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Development of point-of-care testing tool using immunochromatography for rapid diagnosis of human paragonimiasis.
Acta Trop. 2020 Mar; 203:105325.AT

Abstract

Paragonimiasis, an important food-borne zoonosis, is caused by lung flukes of the genus Paragonimus. Several million people are actually infected or at risk. Paragonimiasis is a re-emerging disease in developing countries. Diagnosis of pulmonary paragonimiasis is made by finding eggs in sputa and/or fecal samples. Eggs are typically not found in ectopic paragonimiasis cases, so diagnosis depends on supportive information, such as a history of eating fresh water crabs or crayfishes, radiographic findings and immunological tests. Here, a new point-of-care-testing (POCT) tool is presented. It uses immunochromatography for serodiagnosis of human paragonimiasis using excretory-secretory antigen from Paragonimus heterotremus. It proved effective in diagnosing infections due to P. heterotremus, and was also successfully diagnosed with sera from infections with P. westermani and P. miyazakii. The diagnostic sensitivity, specificity, positive and negative predictive values and accuracy were 97.9%, 87.6%, 78%, 98.9%, and 90.8%, respectively. The developed POCT tool is rapid and simple to use not only for clinical diagnosis of paragonimiasis at the bedside or at well-equipped laboratories, but also at local and remote hospitals with limited facilities. Moreover, the POCT tool could be applied for epidemiological surveys of paragonimaisis in Asia where P. heterotremus, P. westermani and P. miyazakii are endemic.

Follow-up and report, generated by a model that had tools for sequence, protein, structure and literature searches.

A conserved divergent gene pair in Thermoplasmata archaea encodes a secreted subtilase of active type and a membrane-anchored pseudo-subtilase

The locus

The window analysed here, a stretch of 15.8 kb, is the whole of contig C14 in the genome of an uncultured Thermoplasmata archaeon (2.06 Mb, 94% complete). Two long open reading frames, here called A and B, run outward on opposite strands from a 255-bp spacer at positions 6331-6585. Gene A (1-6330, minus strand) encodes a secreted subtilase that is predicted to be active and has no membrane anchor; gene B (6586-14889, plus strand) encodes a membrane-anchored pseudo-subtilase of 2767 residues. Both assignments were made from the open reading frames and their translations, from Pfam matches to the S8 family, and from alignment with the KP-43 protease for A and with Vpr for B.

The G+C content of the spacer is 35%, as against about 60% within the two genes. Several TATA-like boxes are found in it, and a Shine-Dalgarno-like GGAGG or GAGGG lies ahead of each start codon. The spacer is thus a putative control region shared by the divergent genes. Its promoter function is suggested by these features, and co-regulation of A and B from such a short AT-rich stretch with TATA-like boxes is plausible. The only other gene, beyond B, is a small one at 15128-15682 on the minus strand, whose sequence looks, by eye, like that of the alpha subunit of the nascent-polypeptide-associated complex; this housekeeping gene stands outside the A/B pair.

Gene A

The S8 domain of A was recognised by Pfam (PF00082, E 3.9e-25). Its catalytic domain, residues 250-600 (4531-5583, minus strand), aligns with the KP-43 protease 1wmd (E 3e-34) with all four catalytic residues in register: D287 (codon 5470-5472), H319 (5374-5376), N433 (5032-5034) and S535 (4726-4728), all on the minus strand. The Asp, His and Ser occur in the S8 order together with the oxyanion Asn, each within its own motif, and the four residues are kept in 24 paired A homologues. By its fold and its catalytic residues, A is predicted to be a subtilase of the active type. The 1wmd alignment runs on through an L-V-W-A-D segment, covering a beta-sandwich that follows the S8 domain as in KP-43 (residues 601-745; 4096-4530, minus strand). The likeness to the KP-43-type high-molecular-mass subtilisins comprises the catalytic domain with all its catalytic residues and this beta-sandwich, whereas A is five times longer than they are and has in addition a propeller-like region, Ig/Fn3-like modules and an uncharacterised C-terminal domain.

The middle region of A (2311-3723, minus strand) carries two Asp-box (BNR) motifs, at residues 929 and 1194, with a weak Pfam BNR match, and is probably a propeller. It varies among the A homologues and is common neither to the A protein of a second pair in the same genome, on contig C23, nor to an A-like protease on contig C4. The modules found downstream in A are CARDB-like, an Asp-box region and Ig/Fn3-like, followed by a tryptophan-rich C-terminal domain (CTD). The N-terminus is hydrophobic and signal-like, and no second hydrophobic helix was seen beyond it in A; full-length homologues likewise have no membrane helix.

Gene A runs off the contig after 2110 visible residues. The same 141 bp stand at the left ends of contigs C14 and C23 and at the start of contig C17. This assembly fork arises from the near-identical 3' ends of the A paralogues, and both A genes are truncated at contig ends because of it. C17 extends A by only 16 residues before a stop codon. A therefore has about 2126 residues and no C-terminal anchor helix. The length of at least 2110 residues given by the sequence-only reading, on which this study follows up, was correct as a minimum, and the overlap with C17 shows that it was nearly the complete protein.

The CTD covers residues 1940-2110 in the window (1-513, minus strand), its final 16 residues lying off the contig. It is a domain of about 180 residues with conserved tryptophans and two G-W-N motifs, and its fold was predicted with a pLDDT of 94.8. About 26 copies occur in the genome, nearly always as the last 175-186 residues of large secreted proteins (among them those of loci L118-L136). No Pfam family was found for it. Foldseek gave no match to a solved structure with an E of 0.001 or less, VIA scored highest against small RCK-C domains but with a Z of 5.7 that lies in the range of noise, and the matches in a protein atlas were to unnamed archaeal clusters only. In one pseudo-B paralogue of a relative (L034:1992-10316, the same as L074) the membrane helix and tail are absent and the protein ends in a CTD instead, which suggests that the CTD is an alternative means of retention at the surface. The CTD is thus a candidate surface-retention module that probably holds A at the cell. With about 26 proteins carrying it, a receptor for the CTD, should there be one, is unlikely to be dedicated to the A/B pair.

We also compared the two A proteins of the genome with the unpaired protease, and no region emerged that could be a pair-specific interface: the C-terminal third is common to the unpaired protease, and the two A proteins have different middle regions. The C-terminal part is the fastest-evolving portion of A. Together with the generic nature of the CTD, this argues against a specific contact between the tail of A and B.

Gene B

Authors+Show Affiliations

Department of Parasitology and Excellence in Medical Innovation, and Technology Research Group, Faculty of Medicine and Research and Diagnostic Center for Emerging Infectious Diseases, Mekong Health Science Research Institute, Khon Kaen University, Khon Kaen, Thailand.Department of Parasitology and Excellence in Medical Innovation, and Technology Research Group, Faculty of Medicine and Research and Diagnostic Center for Emerging Infectious Diseases, Mekong Health Science Research Institute, Khon Kaen University, Khon Kaen, Thailand.Department of Parasitology, National Institute of Infectious Diseases, Ministry of Health, Labour and Welfare, Tokyo, Japan.Department of Parasitology and Excellence in Medical Innovation, and Technology Research Group, Faculty of Medicine and Research and Diagnostic Center for Emerging Infectious Diseases, Mekong Health Science Research Institute, Khon Kaen University, Khon Kaen, Thailand.Department of Parasitology and Excellence in Medical Innovation, and Technology Research Group, Faculty of Medicine and Research and Diagnostic Center for Emerging Infectious Diseases, Mekong Health Science Research Institute, Khon Kaen University, Khon Kaen, Thailand. Electronic address: pewpan@kku.ac.th.

Pub Type(s)

Journal Article

Language

eng

PubMed ID

31891708

Citation

Sadaow, Lakkhana, et al. "Development of Point-of-care Testing Tool Using Immunochromatography for Rapid Diagnosis of Human Paragonimiasis." Acta Tropica, vol. 203, 2020, p. 105325.